Cupp’s career at Ohio State has been very different thus far to that of Jordan, also a member of the 2016 recruiting class, who immediately earned a spot in the lineup as a true freshman and started every game of his three-year Buckeye career. Given the lack of playing time that Cupp has seen so far, there’s been reason to question whether he will ever play a key role on Ohio State’s offensive line, which remains far from guaranteed.
Nonetheless, Cupp is grateful that he’s had the opportunity to be a part of the Ohio State football program, and he recognizes that not every player can see significant playing time right away.
“Everybody’s got their different stories,” Cupp said. “Mine is just different. And that’s nothing wrong with it, nothing bad with that. Just got to keep your head down and grind, like I’m trying to do.”
“It means the world to me. Growing up in Ohio, just loving this place ever since I can remember, it’s really just a dream come true right now to get an opportunity like this. But with that opportunity comes a lot of responsibility.”– Gavin Cupp on finally getting the chance to compete for a starting job
Cupp also doesn’t necessarily think his career at Ohio State has been tougher than anyone else’s even though he hasn’t seen the field much.
“Everyone’s career is hard here,” Cupp said. “No matter if you start day one, or you keep pushing through. My career has just been coming to work every day and just keep your head down, keep working until you get an opportunity like I’m presented right now.”
Cupp believes he has improved significantly since he arrived at Ohio State three years ago, and so does offensive line coach Greg Studrawa. Specifically, Studrawa has seen Cupp become a more confident player with a better understanding of the game.
“He’s always been a strong kid, but now he’s gaining confidence in his ability to go block those guys,” Studrawa said. “To be able to go out there against the first string and say ‘OK, I’m as good as these guys, I can go get this done.’ And the second thing he’s really made strides in, he was a guy that was never confident in assignments either, the mental aspect of the game. Now he is. He knows it now, it’s been enough time, he can react now and go play and not worry about making mistakes.”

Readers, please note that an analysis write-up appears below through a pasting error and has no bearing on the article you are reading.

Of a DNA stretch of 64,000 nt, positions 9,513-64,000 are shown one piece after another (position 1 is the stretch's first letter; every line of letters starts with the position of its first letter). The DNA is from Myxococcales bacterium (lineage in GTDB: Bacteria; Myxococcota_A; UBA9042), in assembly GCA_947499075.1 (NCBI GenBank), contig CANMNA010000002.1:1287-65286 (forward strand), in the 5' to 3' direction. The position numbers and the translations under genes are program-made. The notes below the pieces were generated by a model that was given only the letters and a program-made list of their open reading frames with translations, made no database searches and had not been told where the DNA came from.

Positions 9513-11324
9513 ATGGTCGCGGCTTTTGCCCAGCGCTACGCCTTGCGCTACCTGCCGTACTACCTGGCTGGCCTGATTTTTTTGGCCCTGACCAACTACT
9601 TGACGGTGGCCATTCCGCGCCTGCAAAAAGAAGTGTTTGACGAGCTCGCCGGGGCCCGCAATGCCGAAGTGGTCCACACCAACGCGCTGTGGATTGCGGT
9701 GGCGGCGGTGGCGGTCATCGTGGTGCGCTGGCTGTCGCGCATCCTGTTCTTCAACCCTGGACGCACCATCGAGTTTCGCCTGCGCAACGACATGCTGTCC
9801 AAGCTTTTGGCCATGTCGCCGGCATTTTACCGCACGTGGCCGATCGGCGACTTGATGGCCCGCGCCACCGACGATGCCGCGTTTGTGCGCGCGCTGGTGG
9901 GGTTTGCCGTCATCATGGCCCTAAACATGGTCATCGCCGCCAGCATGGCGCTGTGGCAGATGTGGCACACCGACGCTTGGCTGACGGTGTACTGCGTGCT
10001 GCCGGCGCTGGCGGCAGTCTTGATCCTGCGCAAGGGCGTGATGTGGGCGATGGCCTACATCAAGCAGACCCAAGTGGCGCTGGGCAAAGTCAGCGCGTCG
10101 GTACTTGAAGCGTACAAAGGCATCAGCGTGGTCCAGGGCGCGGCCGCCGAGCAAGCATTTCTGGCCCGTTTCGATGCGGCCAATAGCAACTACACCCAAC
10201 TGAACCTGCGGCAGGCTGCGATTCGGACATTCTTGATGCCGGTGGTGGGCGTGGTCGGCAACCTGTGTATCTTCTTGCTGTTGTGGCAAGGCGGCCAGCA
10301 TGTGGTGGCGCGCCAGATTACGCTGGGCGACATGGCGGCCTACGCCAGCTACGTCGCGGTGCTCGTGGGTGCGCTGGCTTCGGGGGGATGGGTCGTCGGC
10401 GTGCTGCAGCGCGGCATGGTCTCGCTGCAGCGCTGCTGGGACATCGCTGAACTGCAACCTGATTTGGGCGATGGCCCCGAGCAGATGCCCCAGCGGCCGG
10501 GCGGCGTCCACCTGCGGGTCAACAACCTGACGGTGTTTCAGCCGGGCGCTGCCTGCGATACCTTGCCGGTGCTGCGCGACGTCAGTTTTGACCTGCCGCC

It’s helped a lot, Cupp said, that he’s had the opportunity to go up against Ohio State’s talented defensive linemen while also learning from the Buckeyes’ veteran offensive linemen over the past three years.
“You got the defense you’re improving on, but then you also got the guys in the O-line room who are just helping you tremendously,” Cupp said. “Jamarco (Jones) and Billy (Price), Malcolm and Meech and I can go on and on and on. Just having the group around you that helps you is just unbelievable.”
Cupp acknowledges that he’s not a perfect player, and he says there are “still a lot of things” he has to fix and work on in his game. But as he said multiple times in his interview session on Monday, Cupp’s mantra is to keep his head down and work, focusing on the daily grind while never allowing himself to get too high or too low on himself.
“I’m really just a guy who gives it his all,” Cupp said. “It’s not going to be right all the time. I’m going to have some mistakes. But I’m going to give it my all.”